For numerous introverts out there, working from home is a dream. This is because they do not have to experience the sensory overload that comes with a physical corporate setting. It also saves them from the pressure of performing within the office.
But surprisingly, research shows that an introvert struggling at work from home is more likely to undergo mental health issues. The study carried out by Greater Divide clearly reveals that this was a major problem experienced by introverts during the pandemic when it was necessary to work remotely.
Did you know that 4 out of 10 employees are introverts? Have you ever seen them struggling at work and wanted to understand them better? Then you need to be aware of the struggles they face on a daily basis while working remotely.
Struggles Faced By Introverted Workers
1. Having Insufficient Space Or Time To Think
It is usual for an introvert struggling at work to feel anxious due to noisy neighbors, family members, children, or even pets! This is especially troublesome for those who prefer to think best in peace and quiet.
In such cases, you may notice that your introverted workers have trouble brainstorming meetings online. This is because they struggle to find a quiet space or some time to gather their thoughts. Their limited privacy eventually takes a toll on their productivity and wellness.
2. Being Misunderstood Or Feeling Disconnected
It is not unusual for introverts to be perceived as withholding or aloof. Perhaps you have thought the same thing about your introverted workers too. But this is not at all true; introverts are just less likely to tell you everything that is on their mind, afraid of being misunderstood.
You may also find that an introvert struggling at work will take frequent breathers, especially if you encourage non-stop socializing via video calls or group chats at your workplace. This is because introverted workers tend to feel disconnected and isolated from regular people.
Remember, they do not function like extroverts, but that does not mean they don’t have anything to say.
3. Being Undervalued
You will notice that introverts do not tend to toot their own horns. Instead, they prefer having their work speak for itself. Since they are not physically present in front of you, it may become impossible to know the amount of effort they put into a task.
This means that you may not be able to know about the many accomplishments of your remote introvert workers. They may even miss out on well-deserved compensation or recognition due to this!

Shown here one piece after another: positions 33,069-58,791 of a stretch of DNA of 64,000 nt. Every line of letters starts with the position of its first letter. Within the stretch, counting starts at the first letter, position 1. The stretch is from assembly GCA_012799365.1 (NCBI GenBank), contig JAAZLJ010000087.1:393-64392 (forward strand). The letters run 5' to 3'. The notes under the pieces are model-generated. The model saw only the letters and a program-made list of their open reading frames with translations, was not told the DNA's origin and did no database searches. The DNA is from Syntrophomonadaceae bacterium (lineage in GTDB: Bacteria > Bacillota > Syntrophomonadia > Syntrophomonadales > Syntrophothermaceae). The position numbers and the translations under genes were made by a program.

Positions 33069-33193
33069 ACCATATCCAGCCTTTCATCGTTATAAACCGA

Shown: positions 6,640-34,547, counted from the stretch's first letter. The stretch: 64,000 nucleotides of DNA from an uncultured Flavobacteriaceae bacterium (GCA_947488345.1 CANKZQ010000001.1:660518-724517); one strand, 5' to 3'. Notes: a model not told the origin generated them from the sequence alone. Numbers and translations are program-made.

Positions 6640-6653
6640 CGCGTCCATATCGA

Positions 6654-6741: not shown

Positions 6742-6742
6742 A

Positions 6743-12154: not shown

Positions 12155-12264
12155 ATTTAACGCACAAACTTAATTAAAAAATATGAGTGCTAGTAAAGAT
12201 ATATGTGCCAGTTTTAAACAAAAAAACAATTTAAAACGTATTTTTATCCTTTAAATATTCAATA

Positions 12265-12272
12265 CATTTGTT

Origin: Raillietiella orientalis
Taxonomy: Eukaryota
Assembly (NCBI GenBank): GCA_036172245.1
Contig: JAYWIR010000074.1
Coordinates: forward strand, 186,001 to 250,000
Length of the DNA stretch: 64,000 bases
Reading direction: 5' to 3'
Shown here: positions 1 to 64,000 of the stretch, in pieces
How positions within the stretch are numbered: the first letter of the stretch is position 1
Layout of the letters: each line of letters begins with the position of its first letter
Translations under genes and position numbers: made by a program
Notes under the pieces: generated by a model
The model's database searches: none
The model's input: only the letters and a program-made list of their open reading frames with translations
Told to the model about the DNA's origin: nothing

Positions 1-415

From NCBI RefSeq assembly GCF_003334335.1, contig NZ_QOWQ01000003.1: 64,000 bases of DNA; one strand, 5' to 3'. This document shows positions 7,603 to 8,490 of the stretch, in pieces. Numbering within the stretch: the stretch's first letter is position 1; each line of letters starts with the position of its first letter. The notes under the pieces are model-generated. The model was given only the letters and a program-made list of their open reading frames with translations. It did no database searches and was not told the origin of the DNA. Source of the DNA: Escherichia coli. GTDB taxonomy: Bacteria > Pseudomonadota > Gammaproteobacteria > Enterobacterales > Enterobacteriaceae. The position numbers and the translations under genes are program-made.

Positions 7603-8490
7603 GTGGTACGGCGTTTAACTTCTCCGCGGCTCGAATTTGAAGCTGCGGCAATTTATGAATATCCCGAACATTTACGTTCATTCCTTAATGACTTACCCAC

4. Feeling Intimidated
Have you ever been in a meeting with your superiors and felt a lump in your throat? An introvert struggling at work may feel this way most of the time. So, you may not hear them speak much during online meetings or even turn on their camera in video calls!
How Can You Help An Introvert Struggling At Work From Home?
Below are some tips that you can follow to help your introverted workers function better in a remote work environment.
1. During meetings
In One-On-One Interactions
- Keep the chit-chat to a minimum because it may exhaust or intimidate your introverted teammates. Try to get to the substantive parts quickly.
- Try not to ask them questions that they may think are too invasive or personal.
- Give them time to open up to you and get to know you, and avoid putting too much pressure on them. Pushing a friendship with them.
- Use methods of asynchronous communication to give them freedom and space to work. Remember, you do not want to intimidate them by keeping too close an eye on them.
- It is better not to fill in pauses between their sentences. Once they stop talking, count to three before you respond.
2. In General
- Make prior appointments with your introverted employees rather than just calling them without notice.
- Respect their need for private space. Do not keep pushing them for answers if they are not responding to your messages right away.
- Give them time to focus on one task at a time because multi-tasking may overwhelm them.
- Remember to recognize their accomplishments and pay close attention to their work because they may try to undersell their contributions and achievements.
The Final Word
Introverts love spending time alone. It gives them the opportunity to think and recharge. The same principle applies to introverted workers who prefer working alone and performing their tasks at their own pace.
However, while remote work may sound great for introverts, it does not mean that they do not face their fair share of challenges. At the end of the day, if you want your team to be more cohesive, productive, and engaged, you will need to cater to an introvert struggling at work, along with all other workers.